Here’s my advice to you: Don’t try to replicate school in your home. If your kids have packets of schoolwork they must complete, try to get through them quickly. Don’t let them take up your energy or become a source of conflict. Schooling at home is much more efficient than classroom learning; you don’t need to stretch it out for the length of a school day. You also don’t have to interact with your kids all day! Playing is good for them. Help them find things to do for stretches of the day that don’t involve screens—if you can pull that off, consider the day a success. Exploring interests on their own will help your kids become independent people. I had to learn not to feel guilty about leaving my kids to play and explore on their own for hours at a time—but I saw huge benefits in the long run.
Spend the time you do have doing things you enjoy together. There are lists and lists out there with suggestions—Melissa Wiley’s post is an excellent place to start: http://melissawiley.com/…/suddenly-homeschooling-dont-try-…/
I’ll focus on a few that were vital to my family. You’ll note the literary bent. ☺
* Read to your kids. Talk about what you’re reading. Fiction, nonfiction, all of it. There is nothing better for learning and family connection. Almost everything my kids learned about how writing and literature works was gleaned from books enjoyed together and casual conversation: http://patriciazaballos.com/2011/05/02/talking-literature/
* Ask them what they want to learn about and help them find resources. Help them brainstorm projects. It’s harder being confined at home, but there is so much available online. Most libraries are still offering audiobooks, e-books, and various streaming services. Let your kids learn about whatever they choose, even if it’s nonacademic and seems silly to you. The more they’re into it, the more they’ll learn. Also, the more independent they’ll be, which will free you up for your own work. (Be prepared to be humbled by how much “academic” knowledge they pick up from stuff you deem slightly ridiculous.) I’ve written lots of posts about child-led learning here: http://patriciazaballos.com/child-led-learning/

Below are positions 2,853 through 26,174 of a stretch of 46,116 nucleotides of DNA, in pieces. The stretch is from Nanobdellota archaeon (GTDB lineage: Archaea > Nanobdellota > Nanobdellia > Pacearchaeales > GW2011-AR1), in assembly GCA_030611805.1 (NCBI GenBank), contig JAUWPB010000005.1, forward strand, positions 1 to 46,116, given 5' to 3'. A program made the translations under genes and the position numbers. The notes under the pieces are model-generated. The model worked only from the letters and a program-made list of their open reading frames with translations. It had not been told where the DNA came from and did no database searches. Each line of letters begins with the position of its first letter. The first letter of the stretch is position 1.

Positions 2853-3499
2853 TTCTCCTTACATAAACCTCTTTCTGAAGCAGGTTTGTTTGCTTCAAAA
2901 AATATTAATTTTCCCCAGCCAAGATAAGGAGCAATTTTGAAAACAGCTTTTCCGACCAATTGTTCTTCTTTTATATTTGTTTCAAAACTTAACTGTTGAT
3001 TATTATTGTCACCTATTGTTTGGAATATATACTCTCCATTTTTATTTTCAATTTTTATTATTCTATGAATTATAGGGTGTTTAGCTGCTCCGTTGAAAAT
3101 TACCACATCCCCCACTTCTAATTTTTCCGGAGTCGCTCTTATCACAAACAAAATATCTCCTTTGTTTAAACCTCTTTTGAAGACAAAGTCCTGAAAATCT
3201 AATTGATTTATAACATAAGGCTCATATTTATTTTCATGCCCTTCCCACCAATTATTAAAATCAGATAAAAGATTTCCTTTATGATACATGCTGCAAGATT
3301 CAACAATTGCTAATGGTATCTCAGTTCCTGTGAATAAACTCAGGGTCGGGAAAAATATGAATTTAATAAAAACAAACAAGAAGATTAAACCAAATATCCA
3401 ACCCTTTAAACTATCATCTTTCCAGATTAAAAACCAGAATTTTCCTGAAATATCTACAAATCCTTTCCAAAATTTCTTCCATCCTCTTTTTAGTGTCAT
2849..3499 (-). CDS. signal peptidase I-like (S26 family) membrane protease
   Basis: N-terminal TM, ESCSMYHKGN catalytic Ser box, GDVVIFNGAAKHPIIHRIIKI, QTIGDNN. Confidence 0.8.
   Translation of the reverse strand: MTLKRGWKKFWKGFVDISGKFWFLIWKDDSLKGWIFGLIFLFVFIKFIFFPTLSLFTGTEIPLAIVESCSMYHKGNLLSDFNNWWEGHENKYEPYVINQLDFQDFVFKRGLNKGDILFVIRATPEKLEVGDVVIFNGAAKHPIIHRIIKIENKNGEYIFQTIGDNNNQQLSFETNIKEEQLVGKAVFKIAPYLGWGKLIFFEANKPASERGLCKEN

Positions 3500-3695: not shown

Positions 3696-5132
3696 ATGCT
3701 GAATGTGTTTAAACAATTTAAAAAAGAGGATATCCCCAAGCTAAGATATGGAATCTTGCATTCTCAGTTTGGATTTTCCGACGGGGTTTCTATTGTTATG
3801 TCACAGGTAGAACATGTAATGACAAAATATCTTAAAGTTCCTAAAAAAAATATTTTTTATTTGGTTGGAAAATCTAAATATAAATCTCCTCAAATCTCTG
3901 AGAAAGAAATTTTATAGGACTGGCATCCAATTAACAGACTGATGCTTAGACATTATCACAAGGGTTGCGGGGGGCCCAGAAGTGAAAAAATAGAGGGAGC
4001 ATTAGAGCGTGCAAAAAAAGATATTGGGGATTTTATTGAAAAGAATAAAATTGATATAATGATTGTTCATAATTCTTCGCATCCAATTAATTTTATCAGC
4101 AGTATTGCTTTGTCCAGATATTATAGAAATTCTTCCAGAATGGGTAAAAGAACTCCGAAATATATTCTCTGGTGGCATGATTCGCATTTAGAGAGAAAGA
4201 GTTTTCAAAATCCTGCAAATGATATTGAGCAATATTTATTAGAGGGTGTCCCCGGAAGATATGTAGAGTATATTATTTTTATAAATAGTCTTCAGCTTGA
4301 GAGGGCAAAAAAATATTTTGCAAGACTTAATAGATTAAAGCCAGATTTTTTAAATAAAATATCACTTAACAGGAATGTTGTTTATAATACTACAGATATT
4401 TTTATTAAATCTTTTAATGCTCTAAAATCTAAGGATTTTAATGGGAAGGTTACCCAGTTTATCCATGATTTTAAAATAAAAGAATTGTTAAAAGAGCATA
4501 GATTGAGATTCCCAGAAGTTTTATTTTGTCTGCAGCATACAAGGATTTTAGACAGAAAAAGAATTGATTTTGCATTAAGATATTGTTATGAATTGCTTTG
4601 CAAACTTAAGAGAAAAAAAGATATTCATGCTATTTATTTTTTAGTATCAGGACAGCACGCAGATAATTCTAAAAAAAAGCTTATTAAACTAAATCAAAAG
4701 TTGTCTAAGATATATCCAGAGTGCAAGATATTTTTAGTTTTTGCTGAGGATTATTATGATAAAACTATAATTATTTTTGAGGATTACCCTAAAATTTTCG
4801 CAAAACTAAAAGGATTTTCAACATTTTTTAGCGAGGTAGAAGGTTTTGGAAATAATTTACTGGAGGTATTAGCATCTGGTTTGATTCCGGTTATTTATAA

* Take dictation from younger kids—even kids who can write themselves. This could mean stories or nonfiction based on their interests. This is something that schools can’t do based on adult-child ratios but it has huge potential to help kids with their writing. It can also become a beloved shared activity. Take advantage of this time together and try it! I’ve written lots about taking dictation here: http://patriciazaballos.com/the-dictation-project/
* Play audiobooks. You can stream them from the library. Let the kids listen while they build with LEGO or embroider or stab toothpicks into play dough. Once upon a time I worried about such endless hours of passive entertainment until I began noticing my kids dropping words like “sodden” and “intrepid” into conversations. Audiobooks helped them develop ears for good storytelling and fluid sentences. They helped make writers of my kids. http://patriciazaballos.com/2010/07/16/audiobooks-anyone/
* Chase the gleam. Note the times when your kids are focused on something, so engaged that they don’t want to be interrupted. They might be studying Pokémon cards, dancing, drawing aliens, building a pillow fort, making cupcakes and narrating every action like a television chef. Whatever. Note what they’re doing. Ask them what they like about it (when they’re not in the middle of it!) Help them make more of this in their days. Watch where it takes them.
This is such a stressful time for families. You didn’t choose to homeschool; you may be trying to work from home. Worry less about what isn’t happening. Pay attention to what is. Don’t try to recreate school at home. This is a unique opportunity for your kids to have more say in their days, in what they’re learning. A unique opportunity for play and family connection to have more space in your life. Keep your focus there.